Second extradition to Poland refused: culpable delay bars extradition
The High Court has refused to uphold the extradition of a Polish Appellant to serve a 2-year sentence for offences of assault. Represented by Malcolm Hawkes, the Appellant argued that the Polish authorities had failed to deal with him for his sentence while he was in Polish custody between 2009-2010 and it was far too late to seek his extradition now.
The Appellant was originally the subject of a suspended sentence, imposed in Poland in 2006, which was activated on 15 July 2009 as he had failed to comply with the requirements to keep in touch with the authorities.
However, in October 2009, the Appellant was extradited from the UK to Poland on a separate matter: in 2005, he had been sentenced to 1-year imprisonment, suspended, for a similar assault against the same victim and had breached the terms of that sentence.
Despite being extradited to Poland after the activation of his second suspended sentence, the Polish authorities did nothing to enforce the second sentence. The Appellant duly served his 1-year sentence and even enjoyed early release with the blessing of the court and prosecution in 2010 for good behaviour and returned to the UK.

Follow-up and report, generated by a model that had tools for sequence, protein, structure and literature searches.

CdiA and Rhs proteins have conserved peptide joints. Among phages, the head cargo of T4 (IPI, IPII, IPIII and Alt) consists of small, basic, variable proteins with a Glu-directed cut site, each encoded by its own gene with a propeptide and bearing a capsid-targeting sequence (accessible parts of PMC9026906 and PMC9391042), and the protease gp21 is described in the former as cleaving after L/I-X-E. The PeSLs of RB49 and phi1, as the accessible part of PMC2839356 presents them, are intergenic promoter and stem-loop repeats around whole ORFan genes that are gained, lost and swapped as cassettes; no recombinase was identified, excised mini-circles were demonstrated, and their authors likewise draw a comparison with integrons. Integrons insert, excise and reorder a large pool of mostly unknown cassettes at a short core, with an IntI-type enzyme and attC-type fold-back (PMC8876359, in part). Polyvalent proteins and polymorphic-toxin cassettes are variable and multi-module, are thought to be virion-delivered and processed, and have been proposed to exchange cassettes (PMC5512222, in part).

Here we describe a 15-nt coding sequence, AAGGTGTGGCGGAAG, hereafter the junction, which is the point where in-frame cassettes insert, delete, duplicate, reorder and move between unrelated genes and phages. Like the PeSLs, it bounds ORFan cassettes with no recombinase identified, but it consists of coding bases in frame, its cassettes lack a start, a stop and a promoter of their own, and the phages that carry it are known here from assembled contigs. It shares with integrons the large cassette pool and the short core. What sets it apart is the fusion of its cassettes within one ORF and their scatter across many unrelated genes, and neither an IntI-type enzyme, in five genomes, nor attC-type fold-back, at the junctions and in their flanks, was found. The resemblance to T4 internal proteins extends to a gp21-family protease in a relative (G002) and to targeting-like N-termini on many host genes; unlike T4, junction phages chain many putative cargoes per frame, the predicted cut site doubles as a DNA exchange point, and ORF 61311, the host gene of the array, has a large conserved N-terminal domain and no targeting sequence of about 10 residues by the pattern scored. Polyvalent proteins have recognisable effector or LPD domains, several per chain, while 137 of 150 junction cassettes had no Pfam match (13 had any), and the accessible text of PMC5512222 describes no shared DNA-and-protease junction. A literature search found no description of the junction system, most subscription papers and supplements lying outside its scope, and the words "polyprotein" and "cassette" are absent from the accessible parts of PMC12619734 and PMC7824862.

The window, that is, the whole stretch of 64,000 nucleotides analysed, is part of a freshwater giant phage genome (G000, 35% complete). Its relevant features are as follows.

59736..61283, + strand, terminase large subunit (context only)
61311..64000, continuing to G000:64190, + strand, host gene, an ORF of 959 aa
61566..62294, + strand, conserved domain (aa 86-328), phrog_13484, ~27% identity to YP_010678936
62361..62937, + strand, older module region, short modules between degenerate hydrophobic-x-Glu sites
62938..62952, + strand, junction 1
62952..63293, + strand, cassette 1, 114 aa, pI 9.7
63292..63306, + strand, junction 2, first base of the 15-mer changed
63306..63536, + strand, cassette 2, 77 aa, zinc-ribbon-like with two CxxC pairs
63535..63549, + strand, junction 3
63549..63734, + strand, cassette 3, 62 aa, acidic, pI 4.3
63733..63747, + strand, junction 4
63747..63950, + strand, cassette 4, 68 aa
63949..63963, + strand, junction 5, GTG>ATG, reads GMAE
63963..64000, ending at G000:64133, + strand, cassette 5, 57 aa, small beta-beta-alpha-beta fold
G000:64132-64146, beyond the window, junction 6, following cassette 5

However, the instant EAW was not issued until 2018 and there was no explanation for the many years of inaction by the Polish authorities and the many opportunities they spurned to deal with him far sooner.
While the judge found the Polish authorities’ treatment of the Appellant was not oppressive or unjust per se, the delay in the case was certainly culpable and the judge agreed that the Polish authorities’ treatment of the Appellant was unfair.
The judge concluded that extradition in 2019, to serve a sentence imposed in 2006, when the Appellant could and should have been dealt with while in custody in Poland in 2009 amounted to a disproportionate interference with his right to private and family life and allowed the appeal.
In Kunert v Poland, Malcolm was instructed by Noam Almaz, of National Legal Service solicitors